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Dewberry, ‘Austin’

The ‘Austin’ Dewberry plant will produce a large crop of berries without requiring much tending. It is commonly used for its edible fruit and it’s great for making cobblers, pies, and even jellies. The berries can also be used to make delicious cakes. Large, sweet and juicy, flavorful fruit. The ‘Austin’ Dewberry ripens early; beginning to form berries in May and extending for 30-45 days. ‘Austin’ is very popular in the South, produce in mid-June. ‘Austin’ Dewberry grew from plants that were selections from Native American trailing blackberry bushes that were superior to the original parents in size, flavor and production. Needs some support otherwise it will trail on the ground. It does not grow erect or semi-erect like other blackberries, however, the vines can climb to some extent above older canes which is desirable in keeping the berries lifted out of the dirt. Well adapted to heat, tender in the cold winter climates. In northern climates the vines should be laid on the ground and protected for the winter with straw or other material. This same mulch may be used to spread around the plant in the spring to help prevent sucker growth.

Availability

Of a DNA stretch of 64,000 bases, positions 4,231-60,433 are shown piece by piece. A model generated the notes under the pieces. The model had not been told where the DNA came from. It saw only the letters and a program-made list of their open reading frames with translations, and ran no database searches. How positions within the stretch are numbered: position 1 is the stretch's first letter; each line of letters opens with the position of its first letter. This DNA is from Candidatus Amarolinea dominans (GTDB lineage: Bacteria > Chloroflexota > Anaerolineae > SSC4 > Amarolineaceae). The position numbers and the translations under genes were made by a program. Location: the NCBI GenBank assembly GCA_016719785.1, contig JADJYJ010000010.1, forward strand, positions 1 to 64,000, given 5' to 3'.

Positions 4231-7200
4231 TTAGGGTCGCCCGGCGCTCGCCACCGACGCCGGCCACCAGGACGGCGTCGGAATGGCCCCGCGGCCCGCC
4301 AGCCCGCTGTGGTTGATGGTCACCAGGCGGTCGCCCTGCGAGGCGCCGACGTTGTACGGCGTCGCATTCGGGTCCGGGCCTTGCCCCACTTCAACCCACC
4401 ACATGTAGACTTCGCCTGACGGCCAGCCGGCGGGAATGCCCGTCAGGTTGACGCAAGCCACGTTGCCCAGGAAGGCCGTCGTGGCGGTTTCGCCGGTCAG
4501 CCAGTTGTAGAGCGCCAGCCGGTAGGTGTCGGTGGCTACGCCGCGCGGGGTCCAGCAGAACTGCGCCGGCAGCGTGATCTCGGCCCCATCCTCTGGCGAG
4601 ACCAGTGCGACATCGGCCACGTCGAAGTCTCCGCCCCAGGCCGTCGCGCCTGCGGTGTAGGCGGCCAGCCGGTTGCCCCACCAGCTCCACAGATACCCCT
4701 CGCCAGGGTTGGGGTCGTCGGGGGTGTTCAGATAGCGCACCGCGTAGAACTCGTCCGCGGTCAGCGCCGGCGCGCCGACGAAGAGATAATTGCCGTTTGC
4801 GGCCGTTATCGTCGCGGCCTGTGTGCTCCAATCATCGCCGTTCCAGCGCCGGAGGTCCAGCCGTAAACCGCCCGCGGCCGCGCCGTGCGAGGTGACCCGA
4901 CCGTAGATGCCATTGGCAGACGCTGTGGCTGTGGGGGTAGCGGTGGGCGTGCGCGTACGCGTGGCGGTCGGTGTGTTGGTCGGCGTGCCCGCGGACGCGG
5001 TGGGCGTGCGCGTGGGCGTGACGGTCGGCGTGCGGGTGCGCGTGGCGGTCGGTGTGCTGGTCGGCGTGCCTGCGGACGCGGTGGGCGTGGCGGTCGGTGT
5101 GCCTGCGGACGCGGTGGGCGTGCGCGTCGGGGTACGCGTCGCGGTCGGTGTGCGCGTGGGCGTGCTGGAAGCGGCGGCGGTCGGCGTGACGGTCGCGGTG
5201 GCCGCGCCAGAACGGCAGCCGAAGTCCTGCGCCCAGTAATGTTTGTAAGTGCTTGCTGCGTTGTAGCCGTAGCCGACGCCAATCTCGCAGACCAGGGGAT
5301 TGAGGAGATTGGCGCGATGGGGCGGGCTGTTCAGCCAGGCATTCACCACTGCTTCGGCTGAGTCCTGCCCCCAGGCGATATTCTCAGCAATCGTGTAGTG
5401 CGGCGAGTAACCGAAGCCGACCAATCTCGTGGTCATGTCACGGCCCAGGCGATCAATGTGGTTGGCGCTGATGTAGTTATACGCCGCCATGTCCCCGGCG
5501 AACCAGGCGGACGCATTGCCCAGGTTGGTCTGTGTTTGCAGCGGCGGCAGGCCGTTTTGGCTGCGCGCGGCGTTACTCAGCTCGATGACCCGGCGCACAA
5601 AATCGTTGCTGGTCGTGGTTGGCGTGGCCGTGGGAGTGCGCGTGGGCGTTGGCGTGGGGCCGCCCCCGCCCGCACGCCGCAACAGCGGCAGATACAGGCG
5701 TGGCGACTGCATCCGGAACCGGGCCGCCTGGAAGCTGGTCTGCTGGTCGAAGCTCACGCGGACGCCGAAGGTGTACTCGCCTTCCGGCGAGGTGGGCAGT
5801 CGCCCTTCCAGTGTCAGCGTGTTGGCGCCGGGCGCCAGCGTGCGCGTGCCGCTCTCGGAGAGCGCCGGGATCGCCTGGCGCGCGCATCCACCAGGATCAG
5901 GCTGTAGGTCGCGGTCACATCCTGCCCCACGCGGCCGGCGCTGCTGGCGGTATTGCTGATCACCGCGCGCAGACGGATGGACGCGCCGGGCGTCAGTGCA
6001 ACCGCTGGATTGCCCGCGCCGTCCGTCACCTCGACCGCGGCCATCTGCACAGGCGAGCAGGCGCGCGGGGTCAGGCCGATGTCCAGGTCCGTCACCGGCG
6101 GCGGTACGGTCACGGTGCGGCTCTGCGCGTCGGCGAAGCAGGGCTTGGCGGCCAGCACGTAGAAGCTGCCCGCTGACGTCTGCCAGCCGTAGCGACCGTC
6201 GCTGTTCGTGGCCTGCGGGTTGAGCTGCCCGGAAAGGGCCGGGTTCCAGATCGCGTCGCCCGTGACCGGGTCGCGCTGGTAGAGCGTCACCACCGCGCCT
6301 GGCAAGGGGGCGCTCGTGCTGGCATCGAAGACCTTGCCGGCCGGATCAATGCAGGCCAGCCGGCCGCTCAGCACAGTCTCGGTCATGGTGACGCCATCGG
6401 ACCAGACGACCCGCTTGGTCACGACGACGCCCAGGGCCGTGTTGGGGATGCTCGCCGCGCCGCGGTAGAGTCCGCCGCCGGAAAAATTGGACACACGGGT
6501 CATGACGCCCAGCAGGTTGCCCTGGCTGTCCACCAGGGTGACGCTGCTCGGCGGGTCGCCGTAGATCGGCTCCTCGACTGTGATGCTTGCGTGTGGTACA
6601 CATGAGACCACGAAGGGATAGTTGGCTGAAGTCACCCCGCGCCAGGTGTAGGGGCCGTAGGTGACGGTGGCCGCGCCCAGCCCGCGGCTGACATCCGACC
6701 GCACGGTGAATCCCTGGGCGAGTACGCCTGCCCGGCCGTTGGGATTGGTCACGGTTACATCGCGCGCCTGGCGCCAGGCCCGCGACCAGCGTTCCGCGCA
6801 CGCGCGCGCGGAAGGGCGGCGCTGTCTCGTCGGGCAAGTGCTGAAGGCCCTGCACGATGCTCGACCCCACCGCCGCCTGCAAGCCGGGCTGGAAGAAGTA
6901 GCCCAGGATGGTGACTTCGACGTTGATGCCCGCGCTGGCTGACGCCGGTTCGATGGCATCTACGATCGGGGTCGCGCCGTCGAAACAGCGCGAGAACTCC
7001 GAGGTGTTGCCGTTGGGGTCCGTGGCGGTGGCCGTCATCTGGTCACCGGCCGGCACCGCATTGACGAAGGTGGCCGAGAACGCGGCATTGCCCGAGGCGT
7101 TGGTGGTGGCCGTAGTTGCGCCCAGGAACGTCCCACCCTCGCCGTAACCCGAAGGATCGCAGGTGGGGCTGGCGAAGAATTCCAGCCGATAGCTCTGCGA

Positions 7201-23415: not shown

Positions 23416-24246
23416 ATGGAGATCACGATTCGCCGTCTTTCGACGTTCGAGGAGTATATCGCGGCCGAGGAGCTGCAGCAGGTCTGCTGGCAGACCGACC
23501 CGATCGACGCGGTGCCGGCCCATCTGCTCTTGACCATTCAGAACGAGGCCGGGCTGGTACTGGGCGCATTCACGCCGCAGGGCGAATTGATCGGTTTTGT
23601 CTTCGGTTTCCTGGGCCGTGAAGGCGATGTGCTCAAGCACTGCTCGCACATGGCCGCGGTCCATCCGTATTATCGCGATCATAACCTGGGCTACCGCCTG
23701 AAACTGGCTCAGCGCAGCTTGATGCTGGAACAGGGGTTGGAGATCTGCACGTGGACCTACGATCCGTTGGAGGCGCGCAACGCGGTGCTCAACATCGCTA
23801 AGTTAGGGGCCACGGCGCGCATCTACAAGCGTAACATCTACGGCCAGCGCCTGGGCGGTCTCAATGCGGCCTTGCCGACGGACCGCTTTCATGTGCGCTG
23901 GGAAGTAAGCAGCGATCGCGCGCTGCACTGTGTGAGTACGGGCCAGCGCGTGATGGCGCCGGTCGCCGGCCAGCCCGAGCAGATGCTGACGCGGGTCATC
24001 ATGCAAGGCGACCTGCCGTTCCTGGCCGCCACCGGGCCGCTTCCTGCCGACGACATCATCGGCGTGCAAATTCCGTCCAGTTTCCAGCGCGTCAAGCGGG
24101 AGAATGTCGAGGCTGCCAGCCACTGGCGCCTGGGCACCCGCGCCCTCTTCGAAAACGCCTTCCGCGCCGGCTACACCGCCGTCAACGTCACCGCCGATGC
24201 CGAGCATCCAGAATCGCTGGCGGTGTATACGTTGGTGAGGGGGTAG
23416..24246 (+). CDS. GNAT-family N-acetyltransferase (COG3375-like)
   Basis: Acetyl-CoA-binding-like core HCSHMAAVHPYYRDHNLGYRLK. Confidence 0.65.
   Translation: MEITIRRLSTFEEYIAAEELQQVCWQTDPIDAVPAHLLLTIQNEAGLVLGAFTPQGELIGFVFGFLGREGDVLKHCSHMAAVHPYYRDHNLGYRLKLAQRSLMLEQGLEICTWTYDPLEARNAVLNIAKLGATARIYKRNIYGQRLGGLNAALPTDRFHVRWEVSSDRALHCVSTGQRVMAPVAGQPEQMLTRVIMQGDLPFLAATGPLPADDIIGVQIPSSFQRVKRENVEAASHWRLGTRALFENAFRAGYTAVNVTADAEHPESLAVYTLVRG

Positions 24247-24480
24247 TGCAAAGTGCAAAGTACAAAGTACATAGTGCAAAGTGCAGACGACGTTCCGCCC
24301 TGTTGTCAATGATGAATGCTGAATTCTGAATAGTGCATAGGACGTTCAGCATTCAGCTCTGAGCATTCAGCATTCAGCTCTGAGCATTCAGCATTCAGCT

# Description Qty per Unit Units Available Price/Unit
Bulk
DW031 Dewberry, 'Austin' out of stock $0.00
DW031-1
DW031-2DW031-3

Plant Details +

Size #1 (1 Yr)
Height 3'
Spacing Width 3-4 ft. Plant 5 ft. apart
Hardiness Zones 6-9
Foliage Green
Fruit Dark Purple-Black
Harvest Mid-June

General Information +

Botanical: Dewberry, Rubus caesius 'Austin'

General Characteristics: Austin' Dewberry plants normally thrive in very poor soils that are well drained, but a little 8-8-8 fertilizer sprinkled above the vines in the Fall will increase the size and number of the berries. Some growers prefer to stake the 'Austin' plants for easier berry picking and cleaner berries. When staked or trellised the 'Austin' berries hang above splashing rain water. First to ripen; sweet, vines close to ground. A cousin of the blackberry! If left to ramble, plants produce a 2- to 3-foot deep tangle of thorny stems. Trellising them can enhance fruit production, or you can train them on fence as a privacy screen. Blackberry-like dark green foliage and early summer flowers have decorative value in the landscape, and the long shiny black berries produced in mid to late summer are scrumptious. Use them as you would any berries in jams, pies, cobblers, turnovers, or just pick and gobble them fresh from the vine.

Planting/Care Instructions +

Planting Instructions: May be planted in any well-drained soil. Dig a hole large enough to encompass the roots without bending or circling. Set the plant in place so the crown (part of the plant where the root meets the stem) is about 3 inches below the soil surface. Cover with soil to the original soil surface and water thoroughly.